Figure 15 illustrates how the light pulse slows in the atom cloud: associated with the slowdown is a huge spatial compression of the light pulse. Before we send the pulse into the atom cloud, it has a length of roughly a mile [its duration is typically a few microseconds, and by multiplying the duration by the light speed in free space (186,000 miles per second), we get the length]. As the light pulse enters the cloud, the front edge slows down; but the back edge is still in free space, so that end will be running at the normal light speed. Hence, it will catch up to the front edge and the pulse will start to compress. The pulse is compressed by the same factor as it is slowed, so in the end, it is less than 0.001" long, or less than half the thickness of a hair. Even though our atom clouds are small, the pulse ends up being even smaller, small enough to fit inside an atom cloud. The light pulse also makes an imprint in the atom cloud, really a little holographic imprint. Within the localized pulse region, the atoms are in these dark states we discussed earlier. The spatial modulation of the dark state mimics the shape of the light pulse: in the middle of the pulse where the electric field of the probe laser is high, a large fraction of an atom's state is transferred from 1 to 2. At the fringe of the pulse, only a small fraction is in 2; and outside the light pulse, an atom is entirely in the initial state 1. The imprint follows the light pulse as it slowly propagates through the cloud. Eventually, the light pulse reaches the end of the cloud and exits into free space where the front edge takes off as the pulse accelerates back up to its normal light speed. In the process, the light pulse stretches out and regains the length it had before it entered the medium.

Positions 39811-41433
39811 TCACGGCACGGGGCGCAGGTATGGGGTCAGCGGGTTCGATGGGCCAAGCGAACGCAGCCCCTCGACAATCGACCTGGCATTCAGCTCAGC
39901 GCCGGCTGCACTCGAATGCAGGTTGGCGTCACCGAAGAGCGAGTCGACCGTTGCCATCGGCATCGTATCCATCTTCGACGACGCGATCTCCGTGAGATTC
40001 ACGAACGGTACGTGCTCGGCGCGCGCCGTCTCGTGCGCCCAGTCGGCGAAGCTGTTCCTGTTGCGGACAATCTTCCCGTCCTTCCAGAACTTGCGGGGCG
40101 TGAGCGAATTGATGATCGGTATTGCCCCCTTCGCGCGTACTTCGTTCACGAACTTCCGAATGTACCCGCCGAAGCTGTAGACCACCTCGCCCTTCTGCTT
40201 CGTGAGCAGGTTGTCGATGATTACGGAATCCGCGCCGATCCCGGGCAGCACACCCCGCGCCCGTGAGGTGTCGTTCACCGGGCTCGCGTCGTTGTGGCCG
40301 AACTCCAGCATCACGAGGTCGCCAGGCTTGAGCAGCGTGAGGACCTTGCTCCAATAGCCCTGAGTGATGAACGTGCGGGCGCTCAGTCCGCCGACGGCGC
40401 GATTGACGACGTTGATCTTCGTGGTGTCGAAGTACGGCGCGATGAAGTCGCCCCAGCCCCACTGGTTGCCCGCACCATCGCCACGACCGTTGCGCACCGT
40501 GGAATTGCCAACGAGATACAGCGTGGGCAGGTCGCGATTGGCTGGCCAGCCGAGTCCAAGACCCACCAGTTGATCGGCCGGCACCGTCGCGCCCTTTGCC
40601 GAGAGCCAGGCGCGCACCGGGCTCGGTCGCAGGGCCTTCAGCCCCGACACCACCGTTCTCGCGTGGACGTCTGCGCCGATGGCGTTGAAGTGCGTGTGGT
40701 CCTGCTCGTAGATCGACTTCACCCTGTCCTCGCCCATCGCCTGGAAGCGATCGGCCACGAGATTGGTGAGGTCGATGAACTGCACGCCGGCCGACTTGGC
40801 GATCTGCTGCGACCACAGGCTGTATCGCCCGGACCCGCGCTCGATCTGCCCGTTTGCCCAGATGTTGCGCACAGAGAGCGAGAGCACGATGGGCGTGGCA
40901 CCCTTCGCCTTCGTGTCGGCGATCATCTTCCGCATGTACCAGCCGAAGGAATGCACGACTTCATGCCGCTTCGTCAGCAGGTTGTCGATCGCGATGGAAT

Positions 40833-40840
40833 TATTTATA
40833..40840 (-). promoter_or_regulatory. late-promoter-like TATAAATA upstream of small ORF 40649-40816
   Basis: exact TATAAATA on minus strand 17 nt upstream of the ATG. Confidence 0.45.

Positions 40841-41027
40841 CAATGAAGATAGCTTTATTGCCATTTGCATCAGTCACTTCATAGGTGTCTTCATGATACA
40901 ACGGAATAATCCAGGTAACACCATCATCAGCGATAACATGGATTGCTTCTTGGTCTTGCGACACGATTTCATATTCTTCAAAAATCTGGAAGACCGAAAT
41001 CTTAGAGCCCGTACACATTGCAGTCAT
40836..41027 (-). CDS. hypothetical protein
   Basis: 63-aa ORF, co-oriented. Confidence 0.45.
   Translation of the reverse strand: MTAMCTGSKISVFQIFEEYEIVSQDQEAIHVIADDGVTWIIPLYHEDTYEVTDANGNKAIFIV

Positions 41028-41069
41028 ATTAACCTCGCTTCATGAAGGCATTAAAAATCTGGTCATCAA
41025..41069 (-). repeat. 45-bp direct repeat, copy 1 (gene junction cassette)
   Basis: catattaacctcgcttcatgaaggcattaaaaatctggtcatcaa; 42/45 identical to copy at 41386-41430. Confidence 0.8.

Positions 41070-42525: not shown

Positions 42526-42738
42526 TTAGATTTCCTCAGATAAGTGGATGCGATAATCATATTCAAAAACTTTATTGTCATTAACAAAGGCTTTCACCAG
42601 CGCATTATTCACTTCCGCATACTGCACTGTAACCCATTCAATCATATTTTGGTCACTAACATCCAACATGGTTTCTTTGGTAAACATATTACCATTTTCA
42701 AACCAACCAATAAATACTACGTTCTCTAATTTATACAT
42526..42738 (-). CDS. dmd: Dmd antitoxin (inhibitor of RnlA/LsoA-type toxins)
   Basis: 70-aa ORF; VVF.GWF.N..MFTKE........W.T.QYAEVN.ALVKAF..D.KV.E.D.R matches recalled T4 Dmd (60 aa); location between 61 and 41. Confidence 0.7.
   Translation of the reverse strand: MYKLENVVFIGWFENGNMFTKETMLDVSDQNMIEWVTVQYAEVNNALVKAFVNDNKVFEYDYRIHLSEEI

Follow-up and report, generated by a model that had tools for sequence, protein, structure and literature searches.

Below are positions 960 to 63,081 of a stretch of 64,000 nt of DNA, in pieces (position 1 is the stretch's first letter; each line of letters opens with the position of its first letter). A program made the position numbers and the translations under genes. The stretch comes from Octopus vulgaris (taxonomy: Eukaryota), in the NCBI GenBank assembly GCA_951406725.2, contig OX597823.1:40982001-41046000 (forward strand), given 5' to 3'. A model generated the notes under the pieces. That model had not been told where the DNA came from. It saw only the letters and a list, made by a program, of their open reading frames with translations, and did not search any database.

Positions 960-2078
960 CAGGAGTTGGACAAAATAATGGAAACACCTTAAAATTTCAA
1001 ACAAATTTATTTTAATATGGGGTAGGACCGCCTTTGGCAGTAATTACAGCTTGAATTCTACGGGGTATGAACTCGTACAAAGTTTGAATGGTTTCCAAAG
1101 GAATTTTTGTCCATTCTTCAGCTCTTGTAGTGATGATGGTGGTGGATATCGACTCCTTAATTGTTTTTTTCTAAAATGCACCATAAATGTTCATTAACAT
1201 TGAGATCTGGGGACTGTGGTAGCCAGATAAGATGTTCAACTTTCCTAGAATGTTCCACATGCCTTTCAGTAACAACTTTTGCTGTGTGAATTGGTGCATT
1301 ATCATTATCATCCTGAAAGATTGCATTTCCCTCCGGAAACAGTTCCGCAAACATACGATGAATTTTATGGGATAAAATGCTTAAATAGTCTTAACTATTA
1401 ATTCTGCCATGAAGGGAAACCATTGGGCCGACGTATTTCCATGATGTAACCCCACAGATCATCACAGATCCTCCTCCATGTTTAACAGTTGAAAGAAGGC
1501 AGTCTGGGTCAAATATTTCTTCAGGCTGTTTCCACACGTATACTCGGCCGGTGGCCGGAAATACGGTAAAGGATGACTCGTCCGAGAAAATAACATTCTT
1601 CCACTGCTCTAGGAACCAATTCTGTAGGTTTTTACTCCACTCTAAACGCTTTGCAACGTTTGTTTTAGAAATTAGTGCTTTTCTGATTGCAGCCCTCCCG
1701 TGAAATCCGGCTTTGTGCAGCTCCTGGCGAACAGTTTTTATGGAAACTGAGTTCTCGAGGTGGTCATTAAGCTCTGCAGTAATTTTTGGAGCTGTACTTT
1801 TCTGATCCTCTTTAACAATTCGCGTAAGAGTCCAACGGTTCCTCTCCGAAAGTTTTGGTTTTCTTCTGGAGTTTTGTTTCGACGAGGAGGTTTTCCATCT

It is interesting to note that when the light pulse has slowed down, only a small amount of the original energy remains in the light pulse. Some of the missing energy is stored in the atoms to form the holographic imprint, and most is sent out into the coupling laser field. (The coupling photons already there stimulate new photons to join and generate light with the same wavelength, direction, and phase). When the pulse leaves the medium, the energy is sucked back out of the atoms and the coupling beam, and it is put back into the probe pulse.

Figure 15: Light slows down in a Bose-Einstein condensate.

Source: © Chien Liu and Lene V. Hau. More info

Try to run the animation again and click on the screen when the pulse is slowed down, compressed, and contained in the atom cloud: The light pulse stops. You might ask: Could we do the same in the lab? The answer is: Yes, indeed, and it is just as easy—just block the coupling laser. As mentioned earlier, when the coupling intensity decreases, the light speed also decreases, and the light pulse comes to a halt. The atoms try to maintain the dark state. If the coupling laser turns off, the atoms will try to absorb probe light and emit some coupling light, but the light pulse runs empty before anything really changes. So, the light pulse turns off but the information that was in the pulse is not lost: it is preserved in the holographic imprint that was formed and that stays in the atom cloud.

Before we move on, it is interesting to pause for a moment. The slowing of light to bicycle speed in a Bose-Einstein condensate in 1999 stimulated a great many groups to push for achieving slow light. In some cases, it also stopped light in all kinds of media, such as hot gases, cooled solids, room temperature solids, optical fibers, integrated resonators, photonic crystals, and quantum wells, and with classical or quantum states of light. The groups include those of Scully at Texas A&M, Budker at Berkeley, Lukin and Walsworth at Harvard and CFA, Hemmer at Hanscom AFB, Boyd at Rochester, Chuang at UIUC, Chang-Hasnain at Berkeley, Kimble at Caltech (2004), Kuzmich at Georgia Tech, Longdell et al. in Canberra, Lipson at Cornell, Gauthier at Duke, Gaeta at Cornell, Vuckovic at Stanford, Howell at Rochester, and Mørk in Copenhagen, to name just a few.